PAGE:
Team GB has barely returned from Beijing and may I say, a heartfelt well done for an extraordinary team effort. The country can now look forward with a certain degree of optimism to the 2012 Olympics and maybe not worry quite so much about how much it is going to cost us – but that is another blog.
This morning I quite genuinely did not have any idea about what to write about, until I watched the news and, oh joy of joys, those lovely people at Dr Foster Research have come up with an "obesity map" of the UK.
The message is pretty clear. Unless obesity is tackled head on we may face a national crisis accompanied by an annual health bill of £50bn, as around 12 million people will be considered obese in the UK by 2010. And yet more good news for the people of Wales – we have a staggering nine regions listed in the "fattest" places in the UK.
Not completely flattered by this news I read on to discover that the London borough of Camden is one of the "slimmest" places to live. However, one comment posted about the story suggested that Camden was "slim" due to the high number of drug users living there - which seemed mainly based on the presence of Amy Winehouse – I am sure you will agree a misguided talent.
No sign of Northern Ireland in either poll, suggesting that, as one commentator put it, and in the words of Goldilocks, they must be "just right"!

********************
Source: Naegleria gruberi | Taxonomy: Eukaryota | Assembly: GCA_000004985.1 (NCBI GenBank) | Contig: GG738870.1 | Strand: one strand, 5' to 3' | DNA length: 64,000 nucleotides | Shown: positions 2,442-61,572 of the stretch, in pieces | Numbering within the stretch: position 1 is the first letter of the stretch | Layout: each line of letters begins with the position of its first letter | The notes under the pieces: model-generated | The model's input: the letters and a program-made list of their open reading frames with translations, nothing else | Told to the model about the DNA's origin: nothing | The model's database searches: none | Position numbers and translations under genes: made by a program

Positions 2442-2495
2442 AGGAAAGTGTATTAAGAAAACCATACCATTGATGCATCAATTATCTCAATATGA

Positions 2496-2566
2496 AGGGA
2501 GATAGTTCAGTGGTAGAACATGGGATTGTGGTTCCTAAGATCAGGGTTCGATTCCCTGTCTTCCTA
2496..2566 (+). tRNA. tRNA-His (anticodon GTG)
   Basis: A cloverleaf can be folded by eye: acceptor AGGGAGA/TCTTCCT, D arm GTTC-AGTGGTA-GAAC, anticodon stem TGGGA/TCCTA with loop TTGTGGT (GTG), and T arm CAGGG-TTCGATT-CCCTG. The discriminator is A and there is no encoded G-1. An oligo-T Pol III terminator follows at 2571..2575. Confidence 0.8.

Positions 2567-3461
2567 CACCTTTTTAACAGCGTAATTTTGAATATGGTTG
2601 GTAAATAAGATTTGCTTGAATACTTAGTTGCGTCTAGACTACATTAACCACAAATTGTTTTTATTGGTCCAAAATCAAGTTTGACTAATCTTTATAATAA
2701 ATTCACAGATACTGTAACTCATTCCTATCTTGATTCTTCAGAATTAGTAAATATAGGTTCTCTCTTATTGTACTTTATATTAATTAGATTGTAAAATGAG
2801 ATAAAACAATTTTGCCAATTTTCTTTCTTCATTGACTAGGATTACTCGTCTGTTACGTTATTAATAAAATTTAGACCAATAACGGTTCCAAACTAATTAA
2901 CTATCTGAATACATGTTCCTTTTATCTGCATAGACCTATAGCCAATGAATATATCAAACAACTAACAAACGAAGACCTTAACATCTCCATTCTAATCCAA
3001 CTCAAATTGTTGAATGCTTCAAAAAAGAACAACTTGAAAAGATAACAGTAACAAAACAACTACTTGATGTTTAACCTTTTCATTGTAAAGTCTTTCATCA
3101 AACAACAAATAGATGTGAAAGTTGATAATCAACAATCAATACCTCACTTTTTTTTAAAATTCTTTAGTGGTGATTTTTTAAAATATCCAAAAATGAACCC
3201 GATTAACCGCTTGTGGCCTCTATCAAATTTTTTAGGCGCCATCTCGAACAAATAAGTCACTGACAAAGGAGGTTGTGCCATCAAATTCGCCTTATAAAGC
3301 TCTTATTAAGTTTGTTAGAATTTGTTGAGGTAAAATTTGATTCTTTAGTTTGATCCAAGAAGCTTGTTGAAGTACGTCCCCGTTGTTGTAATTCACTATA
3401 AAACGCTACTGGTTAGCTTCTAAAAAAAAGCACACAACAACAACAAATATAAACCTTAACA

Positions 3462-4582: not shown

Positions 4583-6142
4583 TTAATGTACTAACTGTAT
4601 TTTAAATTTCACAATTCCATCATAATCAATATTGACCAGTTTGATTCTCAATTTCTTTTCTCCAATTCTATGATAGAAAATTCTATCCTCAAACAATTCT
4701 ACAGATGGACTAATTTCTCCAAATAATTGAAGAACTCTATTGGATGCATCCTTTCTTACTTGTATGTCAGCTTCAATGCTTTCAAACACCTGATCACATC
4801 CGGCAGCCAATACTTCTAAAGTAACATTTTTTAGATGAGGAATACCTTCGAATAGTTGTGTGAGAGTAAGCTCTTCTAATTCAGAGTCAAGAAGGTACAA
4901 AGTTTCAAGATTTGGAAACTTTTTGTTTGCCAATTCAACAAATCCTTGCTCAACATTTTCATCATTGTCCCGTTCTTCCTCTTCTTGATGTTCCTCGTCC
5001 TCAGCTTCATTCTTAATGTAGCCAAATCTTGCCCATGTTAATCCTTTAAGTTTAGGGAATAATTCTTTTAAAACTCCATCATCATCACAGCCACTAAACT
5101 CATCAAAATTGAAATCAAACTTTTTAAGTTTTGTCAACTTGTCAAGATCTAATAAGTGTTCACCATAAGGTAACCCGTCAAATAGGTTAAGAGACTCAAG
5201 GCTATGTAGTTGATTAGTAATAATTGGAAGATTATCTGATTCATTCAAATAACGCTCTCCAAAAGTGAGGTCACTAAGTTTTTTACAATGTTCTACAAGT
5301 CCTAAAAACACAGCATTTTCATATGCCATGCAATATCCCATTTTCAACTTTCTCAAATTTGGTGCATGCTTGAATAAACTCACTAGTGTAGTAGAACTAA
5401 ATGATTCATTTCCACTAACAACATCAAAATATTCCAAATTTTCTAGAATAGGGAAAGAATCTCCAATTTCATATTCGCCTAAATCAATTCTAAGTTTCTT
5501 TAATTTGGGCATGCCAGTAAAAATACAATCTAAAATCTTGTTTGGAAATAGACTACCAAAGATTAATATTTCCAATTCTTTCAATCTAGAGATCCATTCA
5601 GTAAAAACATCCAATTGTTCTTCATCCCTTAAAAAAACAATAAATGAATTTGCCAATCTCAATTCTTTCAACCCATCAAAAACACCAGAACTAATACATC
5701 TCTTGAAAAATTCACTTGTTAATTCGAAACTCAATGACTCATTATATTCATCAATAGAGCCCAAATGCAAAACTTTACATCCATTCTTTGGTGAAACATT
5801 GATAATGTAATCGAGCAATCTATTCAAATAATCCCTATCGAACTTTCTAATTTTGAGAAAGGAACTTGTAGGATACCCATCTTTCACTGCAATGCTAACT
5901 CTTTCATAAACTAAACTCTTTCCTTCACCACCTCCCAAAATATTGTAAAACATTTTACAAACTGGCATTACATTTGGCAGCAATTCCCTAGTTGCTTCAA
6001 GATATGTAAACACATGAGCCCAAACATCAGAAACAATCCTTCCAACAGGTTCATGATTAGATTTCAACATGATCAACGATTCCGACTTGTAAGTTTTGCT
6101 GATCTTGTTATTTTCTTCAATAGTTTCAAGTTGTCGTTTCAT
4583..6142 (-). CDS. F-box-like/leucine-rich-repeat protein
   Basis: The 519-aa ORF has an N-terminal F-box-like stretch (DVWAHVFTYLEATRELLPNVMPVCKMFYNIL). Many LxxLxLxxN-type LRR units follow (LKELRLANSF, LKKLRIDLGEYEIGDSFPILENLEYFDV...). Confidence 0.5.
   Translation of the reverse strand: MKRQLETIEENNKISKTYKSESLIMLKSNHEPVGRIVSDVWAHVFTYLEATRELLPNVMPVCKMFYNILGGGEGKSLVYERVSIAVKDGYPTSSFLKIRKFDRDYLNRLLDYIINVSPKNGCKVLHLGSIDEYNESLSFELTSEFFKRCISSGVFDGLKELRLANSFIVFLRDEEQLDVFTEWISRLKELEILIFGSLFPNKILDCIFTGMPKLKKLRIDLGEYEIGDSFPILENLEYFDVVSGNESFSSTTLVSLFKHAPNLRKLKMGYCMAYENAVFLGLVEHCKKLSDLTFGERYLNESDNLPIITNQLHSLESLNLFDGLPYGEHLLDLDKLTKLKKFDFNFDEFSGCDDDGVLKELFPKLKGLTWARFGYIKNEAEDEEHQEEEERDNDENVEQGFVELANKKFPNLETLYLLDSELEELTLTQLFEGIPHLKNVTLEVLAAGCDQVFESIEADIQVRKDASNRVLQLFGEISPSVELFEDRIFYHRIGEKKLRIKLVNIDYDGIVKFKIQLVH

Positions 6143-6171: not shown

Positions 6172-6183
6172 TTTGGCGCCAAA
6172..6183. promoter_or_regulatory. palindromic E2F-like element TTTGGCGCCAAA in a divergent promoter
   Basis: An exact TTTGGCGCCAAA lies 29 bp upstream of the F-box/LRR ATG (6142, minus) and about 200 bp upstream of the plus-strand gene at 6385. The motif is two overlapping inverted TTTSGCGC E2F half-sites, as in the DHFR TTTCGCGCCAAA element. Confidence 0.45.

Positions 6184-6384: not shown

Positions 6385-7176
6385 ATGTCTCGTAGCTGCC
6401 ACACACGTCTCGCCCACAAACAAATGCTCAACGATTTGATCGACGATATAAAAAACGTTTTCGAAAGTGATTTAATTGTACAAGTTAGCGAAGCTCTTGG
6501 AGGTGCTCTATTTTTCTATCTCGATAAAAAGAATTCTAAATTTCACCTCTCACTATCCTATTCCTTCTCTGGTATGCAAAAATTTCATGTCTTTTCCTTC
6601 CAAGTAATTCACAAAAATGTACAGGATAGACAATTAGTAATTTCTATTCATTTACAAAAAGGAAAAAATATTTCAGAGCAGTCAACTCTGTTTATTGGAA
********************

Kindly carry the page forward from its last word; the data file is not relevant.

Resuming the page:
As healthcare providers nurses, GPs, health visitors and midwives all have the knowledge and ability to discuss healthy diet options with patients. We know from extensive research that obesity brings with it poor health, hypertension, cardiovascular disease and diabetes. The question is: are we as professionals giving out the wrong message, not taking this matter seriously enough and ultimately putting our patients at risk and our bank balances in jeopardy in the long run? On the other hand – and I don't want to play devil's advocate here – is the message being given out properly but the patients not taking any notice?
The government says that we have an "economic slow down" – people regardless of where they live in the UK cannot afford what they could a year ago – holidays, new cars, moving house – because we are all keeping a very close eye on our finances in order to feed ourselves and our families. Prices at the supermarket have increased by 27% and inflation is at its highest level since 1992.
It could be argued that we are living in a nanny state. As health professionals we all have our patients' best interests at heart, but surely this should be a partnership between us and our patients. We give them all the information and education that they need to make an informed choice about their long-term health, but ultimately we cannot be held responsible if patients choose to do nothing with the information we give them.
Primary care nursing is becoming the focus of healthcare in the 21st century and we must engage our patients in their long-term health plans by way of partnership and not paternalism. Failure is not really an option is it?
Related story: "Fat map" shows pockets of obesity
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